Exactly two and a half years ago I figured I needed to learn Kubernetes, because it had piqued my interest. To this end I have purchased some hardware and ended up getting this enclosure built:
I've spent quite some time - about a year, in fact - migrating my services to it, also improving my understanding and operational knowledge of containerization in the process. Considering the scale of my own operations I've never needed Kubernetes per se, but I believe in learning by doing and properly at that, even when starting small.
Eventually I had everything (like website, e-mail, calendar, address book, SCM and all the things people normally host - they do, don't they?) running on this tiny box with all its cute lights instead of the SmartOS-based NAS I've built (and still use for media storage and streaming). It was far from perfect, but it worked and I've made peace with the minor inconveniences that didn't itch enough to warrant scratching. About a quarter of a year later I've attended an official classroom course on Kubernetes which made me realize I've gotten some things wrong and I've re-architected my solution, then more or less knowing what I was doing.
Another quarter had passed and I no longer felt happy with the maintenance burden and overall rigidity of my solution. I also wanted to boot out most of what never belonged into a family home anyway. Having been an AWS customer for a while by that time already, I've decided to get rid of the physical cluster and move "to the cloud". I wanted to retain most of the liberty I've until then enjoyed, though, and being unwilling to pay extra for it anyway, I've ruled out a managed service. I've set my sights on endorsed IaaS automation solutions and quickly found and embraced kops. This came with the added benefit of also pulling the plug on a privately hosted image registry, turning to ECR instead. Migration had only cost me a few days during the winter holiday, leaving only a few minor wrinkles to be ironed out in the weeks that followed. (I've only really been upgrading via kops since then.) I even managed to find a new home for the PicoCluster gone dark - it's in service even as you read this.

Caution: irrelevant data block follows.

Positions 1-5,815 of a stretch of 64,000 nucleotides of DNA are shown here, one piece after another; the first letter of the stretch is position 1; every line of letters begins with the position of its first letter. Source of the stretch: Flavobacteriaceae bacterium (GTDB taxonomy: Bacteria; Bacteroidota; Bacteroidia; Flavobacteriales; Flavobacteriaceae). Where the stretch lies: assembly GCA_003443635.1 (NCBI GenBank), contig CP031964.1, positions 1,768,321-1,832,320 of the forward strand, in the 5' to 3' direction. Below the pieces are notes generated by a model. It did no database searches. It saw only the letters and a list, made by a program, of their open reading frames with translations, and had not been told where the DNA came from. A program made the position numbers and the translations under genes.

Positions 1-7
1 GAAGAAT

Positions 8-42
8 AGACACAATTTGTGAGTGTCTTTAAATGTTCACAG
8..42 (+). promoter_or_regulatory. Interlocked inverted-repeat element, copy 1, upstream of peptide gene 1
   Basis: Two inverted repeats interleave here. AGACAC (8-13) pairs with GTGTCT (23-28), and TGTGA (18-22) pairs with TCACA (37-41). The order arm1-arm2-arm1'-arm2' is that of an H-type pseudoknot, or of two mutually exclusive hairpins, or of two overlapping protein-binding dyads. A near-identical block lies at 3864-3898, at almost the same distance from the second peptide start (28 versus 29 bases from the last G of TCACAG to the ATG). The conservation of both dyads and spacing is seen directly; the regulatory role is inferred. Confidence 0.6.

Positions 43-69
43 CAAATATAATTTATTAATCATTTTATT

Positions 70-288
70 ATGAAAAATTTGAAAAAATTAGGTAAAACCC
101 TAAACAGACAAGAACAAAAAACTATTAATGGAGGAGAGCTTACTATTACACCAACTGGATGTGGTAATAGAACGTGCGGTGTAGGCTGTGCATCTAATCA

I've since then started to actually make money with what I've learnt throughout the course of this journey by delivering courses myself and further honing my related skills on the job. I have recently taken the administrative exam and can now tell I've "been there, done that, got the t-shirt". Overall I can state it's all been an investment I'm generally pleased having made.